Don’t place your reputation on your child’s shoulders

Over the last few months, God has used some well-placed sentences in blog posts and books that seemed to shine a spotlight into some dark corners of ugliness in my heart.

From different sources, in places where I wouldn’t have expected, I have been hearing whispered admonitions to check my heart regarding how I look at my children.

Specifically, do I look at my children as the builders of my reputation?

No way!

I’m not that parent!

Am I?

I’ve seen those parents!

I’ve seen parents get absolutely angry with their children for making mistakes at practice or in a game.

I’ve seen parents center their whole world around one child’s sport or activity, sometimes to the neglect of their other children.

I’ve seen parents overreact big time when their child misbehaves in public, clearly out of embarrassment.

There are parents who relate to their child solely in terms of the child’s grades, oblivious to the child’s character, other talents, or interests.

There are parents who act completely disinterested in their child’s abilities, behavior, or talents, pouring all their effort into making sure the child looks perfect in all the latest clothes and styles.

These parents become overly invested in their child’s performance–behaviorally, academically, athletically, socially–because they have fallen into the trap of believing that their reputation as a parent is staked on their child’s performance.

It’s all too easy to do.

Our society even enforces it. Ever heard of the Mommy Wars? Books and articles and comments judging this type of parenting or this method of feeding or that kind of sleep training? Well, when the babies grow up, the rules of the Mommy Wars adapt. With older kids, the ammunition doesn’t come from the choices the Mommy makes. Now the bullets are pointed your way when your kid brings home a bad report card, or throws a fit in Walmart, or is overweight, or doesn’t make the team, or has reached the ripe old age of ten without showing brilliance at anything. Because, according to some, all of those things are clearly Mom’s fault.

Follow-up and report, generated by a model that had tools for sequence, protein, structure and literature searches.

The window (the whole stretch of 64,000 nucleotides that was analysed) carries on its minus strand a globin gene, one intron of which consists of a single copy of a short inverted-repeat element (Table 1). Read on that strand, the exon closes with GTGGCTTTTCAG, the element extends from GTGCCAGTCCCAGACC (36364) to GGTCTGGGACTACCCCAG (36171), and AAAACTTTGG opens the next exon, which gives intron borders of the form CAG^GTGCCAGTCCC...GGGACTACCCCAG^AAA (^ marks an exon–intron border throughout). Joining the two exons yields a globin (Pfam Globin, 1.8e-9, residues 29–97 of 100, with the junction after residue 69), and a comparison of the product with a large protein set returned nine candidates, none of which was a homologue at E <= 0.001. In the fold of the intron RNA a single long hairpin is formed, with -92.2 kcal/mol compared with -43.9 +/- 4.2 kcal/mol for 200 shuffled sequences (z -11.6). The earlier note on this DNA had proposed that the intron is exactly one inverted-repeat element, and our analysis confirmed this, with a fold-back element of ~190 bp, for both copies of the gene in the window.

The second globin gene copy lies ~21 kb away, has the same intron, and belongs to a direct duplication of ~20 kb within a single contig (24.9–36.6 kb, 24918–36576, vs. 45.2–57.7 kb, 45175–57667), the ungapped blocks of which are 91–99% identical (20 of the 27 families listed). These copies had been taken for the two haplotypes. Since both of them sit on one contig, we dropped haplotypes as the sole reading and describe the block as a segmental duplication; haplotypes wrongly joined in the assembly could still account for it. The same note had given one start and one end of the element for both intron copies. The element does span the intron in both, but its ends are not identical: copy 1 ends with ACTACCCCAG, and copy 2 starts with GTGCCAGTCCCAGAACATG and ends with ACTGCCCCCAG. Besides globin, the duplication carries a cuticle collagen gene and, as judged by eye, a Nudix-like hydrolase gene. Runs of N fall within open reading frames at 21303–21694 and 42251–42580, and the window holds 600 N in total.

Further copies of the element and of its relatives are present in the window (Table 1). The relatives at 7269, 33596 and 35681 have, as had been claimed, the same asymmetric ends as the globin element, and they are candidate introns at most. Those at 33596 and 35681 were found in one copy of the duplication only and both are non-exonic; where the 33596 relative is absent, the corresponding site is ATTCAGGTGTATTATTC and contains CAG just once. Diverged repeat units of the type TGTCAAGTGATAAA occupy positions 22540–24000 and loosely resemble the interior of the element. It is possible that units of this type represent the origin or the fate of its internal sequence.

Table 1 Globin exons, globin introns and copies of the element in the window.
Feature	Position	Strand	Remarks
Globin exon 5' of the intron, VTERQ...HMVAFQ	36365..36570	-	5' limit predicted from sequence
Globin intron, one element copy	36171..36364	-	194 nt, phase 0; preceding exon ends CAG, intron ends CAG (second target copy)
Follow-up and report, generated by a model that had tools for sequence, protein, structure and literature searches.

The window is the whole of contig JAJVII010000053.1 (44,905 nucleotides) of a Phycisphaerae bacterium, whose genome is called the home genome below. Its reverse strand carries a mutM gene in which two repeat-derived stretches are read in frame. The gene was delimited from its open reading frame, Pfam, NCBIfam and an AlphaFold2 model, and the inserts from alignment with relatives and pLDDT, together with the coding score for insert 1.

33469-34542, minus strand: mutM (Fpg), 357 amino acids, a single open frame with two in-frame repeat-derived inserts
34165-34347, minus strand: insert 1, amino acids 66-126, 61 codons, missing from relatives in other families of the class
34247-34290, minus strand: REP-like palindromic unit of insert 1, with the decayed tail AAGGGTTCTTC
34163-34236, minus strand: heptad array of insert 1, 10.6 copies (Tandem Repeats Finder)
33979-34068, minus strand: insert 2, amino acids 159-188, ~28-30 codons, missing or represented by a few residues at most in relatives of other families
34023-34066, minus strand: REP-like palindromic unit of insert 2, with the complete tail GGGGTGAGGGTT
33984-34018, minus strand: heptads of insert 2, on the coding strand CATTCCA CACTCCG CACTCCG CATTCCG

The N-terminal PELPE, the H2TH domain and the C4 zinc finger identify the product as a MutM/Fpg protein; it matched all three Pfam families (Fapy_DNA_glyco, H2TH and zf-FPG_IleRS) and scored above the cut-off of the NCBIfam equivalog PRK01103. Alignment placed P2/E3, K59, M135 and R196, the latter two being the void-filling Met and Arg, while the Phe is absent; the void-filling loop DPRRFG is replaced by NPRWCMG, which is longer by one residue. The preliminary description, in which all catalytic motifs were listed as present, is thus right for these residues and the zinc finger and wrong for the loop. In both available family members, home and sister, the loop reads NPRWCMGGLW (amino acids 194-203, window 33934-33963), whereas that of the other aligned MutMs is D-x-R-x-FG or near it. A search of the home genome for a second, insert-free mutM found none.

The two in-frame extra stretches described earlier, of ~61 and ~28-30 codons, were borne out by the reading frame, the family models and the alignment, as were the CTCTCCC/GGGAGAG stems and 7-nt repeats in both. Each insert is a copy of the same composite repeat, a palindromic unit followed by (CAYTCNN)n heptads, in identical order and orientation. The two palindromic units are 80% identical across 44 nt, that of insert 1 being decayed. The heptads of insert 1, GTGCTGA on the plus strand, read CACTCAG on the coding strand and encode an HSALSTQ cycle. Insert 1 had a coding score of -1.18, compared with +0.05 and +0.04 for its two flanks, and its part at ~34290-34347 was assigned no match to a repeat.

Was I acting as if this were true? That my kids’ performance determined my reputation as a parent?

I started to realize that there have been little sprouts of this tendency in my own heart over the years. Probably the biggest indicator for me is how embarrassed I get when my kids act up in public. Why is embarrassment my initial reaction? Because I’m afraid of what people will think. Not about my kid, but about me. Apparently, in those moments, I’m operating on the belief that my reputation is staked on the behavior of my child.

As this was already in the back of my mind, I read a post on a gymnastics blog I follow that seemed to be like a microphone from God saying, “Watch out–if you’re not careful, you could be the type of parent she’s warning about. The kind who sees parenting as a competitive sport.”

Then, buried in a little book called Treasuring Christ When Your Hands Are Full, I found this sentence: “No child should have to shoulder the weight of her mother’s glory and reputation.”

Wow. That hit me hard.

The further I get along this parenting journey, the more I see this trend that could have devastating consequences on our relationships with our children.